testified, was to "make John angry and then shoot him. She said "Then this
whole mess will be over'."

Baird testified to seeing Horstman and Nelson hug and kiss on several
occasions - at the collage and at the credit union where Horstman then
worked and where she'd also seen the pair exchange gifts. "They were long
kisses," Baird elaborated.

Chonhi Baird's damning testimony included an account of an incident at her
house where Horstman, drunk, fell repeatedly and then stood in front of her
pressing her fingers into her own arm until they left marks. When Baird
asked why she was doing that, Horstman replied, "It's so I can document
abuse by John and send him to jail."

Asked by Serra if Dalton ever hit Horstman, or if Horstman ever told her he
did, Baird emphatically replied, "Never."

Baird went on to say that "Four or five man wearing blue jackets that said
FBI in yellow letters on the back" packed her and Horstman up for the move
to Washington, and that Nelson took Josh Corrigan away in his car "for about
45 minutes."

Once established in Blaine on the Canadian border, Baird said Mark Nelson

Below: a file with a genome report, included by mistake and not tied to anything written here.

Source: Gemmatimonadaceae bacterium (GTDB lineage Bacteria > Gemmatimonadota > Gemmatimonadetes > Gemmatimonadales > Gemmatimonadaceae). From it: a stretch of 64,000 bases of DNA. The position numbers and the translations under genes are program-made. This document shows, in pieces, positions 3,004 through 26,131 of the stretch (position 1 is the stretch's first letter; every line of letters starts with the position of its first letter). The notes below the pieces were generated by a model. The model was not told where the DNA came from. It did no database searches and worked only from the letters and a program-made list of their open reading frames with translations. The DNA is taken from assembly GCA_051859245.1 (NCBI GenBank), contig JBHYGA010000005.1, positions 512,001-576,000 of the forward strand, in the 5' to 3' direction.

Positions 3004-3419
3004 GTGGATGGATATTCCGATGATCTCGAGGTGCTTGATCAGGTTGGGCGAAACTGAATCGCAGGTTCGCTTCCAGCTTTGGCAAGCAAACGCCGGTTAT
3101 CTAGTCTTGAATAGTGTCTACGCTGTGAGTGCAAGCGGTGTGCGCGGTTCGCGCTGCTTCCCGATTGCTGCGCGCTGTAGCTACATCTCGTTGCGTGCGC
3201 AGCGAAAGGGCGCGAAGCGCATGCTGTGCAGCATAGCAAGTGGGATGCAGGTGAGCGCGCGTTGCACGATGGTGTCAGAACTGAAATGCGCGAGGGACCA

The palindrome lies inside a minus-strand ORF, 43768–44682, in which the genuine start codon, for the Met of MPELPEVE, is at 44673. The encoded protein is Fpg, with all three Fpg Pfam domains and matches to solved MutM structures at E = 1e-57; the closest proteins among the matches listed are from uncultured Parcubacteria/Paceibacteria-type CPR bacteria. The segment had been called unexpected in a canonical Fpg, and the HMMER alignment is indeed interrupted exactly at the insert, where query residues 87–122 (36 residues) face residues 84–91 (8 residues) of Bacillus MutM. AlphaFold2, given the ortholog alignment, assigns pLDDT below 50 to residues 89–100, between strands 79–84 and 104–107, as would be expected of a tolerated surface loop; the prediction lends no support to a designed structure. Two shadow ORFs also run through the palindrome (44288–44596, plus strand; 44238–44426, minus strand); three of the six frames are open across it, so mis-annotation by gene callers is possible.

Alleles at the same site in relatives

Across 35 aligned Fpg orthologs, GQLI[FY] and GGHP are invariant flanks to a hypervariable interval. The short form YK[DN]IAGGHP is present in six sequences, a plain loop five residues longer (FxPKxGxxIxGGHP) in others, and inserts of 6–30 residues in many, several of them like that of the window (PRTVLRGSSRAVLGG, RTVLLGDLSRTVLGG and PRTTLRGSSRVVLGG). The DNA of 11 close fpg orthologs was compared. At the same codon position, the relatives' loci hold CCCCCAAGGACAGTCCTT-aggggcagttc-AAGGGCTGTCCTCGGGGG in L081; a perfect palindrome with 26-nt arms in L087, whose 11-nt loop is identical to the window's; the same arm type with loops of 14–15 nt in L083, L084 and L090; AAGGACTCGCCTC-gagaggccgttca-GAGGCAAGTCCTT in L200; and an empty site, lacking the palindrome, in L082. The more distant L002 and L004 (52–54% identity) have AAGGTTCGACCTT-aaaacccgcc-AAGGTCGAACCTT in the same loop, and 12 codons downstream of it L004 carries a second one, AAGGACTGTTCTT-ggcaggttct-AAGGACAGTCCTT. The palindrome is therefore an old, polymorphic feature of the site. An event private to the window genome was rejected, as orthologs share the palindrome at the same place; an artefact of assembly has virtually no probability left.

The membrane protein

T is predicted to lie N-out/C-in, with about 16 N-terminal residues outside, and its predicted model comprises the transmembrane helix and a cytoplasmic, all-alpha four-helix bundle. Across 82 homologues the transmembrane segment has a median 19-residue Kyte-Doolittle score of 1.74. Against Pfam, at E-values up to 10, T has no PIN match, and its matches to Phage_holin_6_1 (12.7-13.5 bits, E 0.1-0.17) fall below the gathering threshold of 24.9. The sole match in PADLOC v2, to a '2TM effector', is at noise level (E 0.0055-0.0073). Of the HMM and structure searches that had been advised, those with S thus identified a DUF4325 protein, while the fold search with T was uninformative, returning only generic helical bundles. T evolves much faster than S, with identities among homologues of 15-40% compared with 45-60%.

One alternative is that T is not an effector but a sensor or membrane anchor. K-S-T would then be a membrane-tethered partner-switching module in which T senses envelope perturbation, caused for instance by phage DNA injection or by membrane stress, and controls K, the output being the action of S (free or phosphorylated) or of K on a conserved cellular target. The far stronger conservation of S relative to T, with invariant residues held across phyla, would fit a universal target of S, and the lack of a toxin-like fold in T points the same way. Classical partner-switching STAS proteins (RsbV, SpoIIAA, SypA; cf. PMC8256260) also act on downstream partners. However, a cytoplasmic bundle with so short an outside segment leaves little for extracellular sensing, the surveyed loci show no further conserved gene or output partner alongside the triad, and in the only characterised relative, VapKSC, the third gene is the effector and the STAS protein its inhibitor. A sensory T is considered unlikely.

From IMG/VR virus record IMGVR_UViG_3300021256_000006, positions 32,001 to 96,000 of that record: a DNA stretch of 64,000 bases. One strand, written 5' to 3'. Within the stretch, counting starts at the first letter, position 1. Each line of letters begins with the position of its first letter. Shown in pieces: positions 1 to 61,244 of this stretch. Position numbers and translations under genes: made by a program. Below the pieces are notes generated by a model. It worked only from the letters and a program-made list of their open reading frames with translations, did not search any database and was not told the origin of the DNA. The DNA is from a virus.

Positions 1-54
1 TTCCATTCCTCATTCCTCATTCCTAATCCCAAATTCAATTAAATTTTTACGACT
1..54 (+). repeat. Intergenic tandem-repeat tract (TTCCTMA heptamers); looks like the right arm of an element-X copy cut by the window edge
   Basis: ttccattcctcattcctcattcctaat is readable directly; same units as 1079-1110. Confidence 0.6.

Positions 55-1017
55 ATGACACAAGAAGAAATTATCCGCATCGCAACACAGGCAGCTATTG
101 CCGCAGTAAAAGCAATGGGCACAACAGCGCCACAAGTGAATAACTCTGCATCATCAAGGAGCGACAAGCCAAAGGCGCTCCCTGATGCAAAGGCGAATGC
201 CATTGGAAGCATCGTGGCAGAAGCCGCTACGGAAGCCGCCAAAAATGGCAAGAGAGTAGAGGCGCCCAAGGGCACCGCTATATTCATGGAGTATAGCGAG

would call daily. "Nelson would hound her," as Baird remembered the
agent's calls which she listened to over the speakerphone. "He'd tell her,
'You've got to start divorce proceedings. You can't testify against John
until you divorce him.' He told me the same thing, and that if Tori didn't
divorce John she would go to jail. But Tori said she didn't really want a
divorce. Nelson gave her the money to fly back to California for the divorce."

When Dalton came up to Washington to see his wife, Nelson told Horstman, in
front of Baird, that she had to get incriminating info on Dalton "even if
you have to sleep with him."

Baird said she saw the tape recorder Nelson had given Horstman, and
accurately described it. She also saw the rings Dalton gave his wife. "She
was very proud of them. She didn't want to go through with it. She still
loved John but she was playing both sides. She would tell me how much she
liked sleeping with John."

Baird testified Horstman was a hard-core alcoholic who used to hide cases
of wine from her husband. "She is a very mean drunk, very dramatic," said
Baird. "When drinking she would say things she shouldn't, like that John
abused her. I knew that wasn't true."

Asked how she knew Horstman hadn't been mistreated by Dalton, Baird
described the time she picked Horstman up at the Ukiah Hospital.

"The cops were there and she had been drinking. She was on probation for
drunk driving and wasn't supposed to drink. She had me tell the cops it
was wine vinegar from her salad and they released her to my custody. Tori
claimed John had beaten her with a baseball bat. I was really pissed about
it, but when I took her to my house and undressed her and helped her take a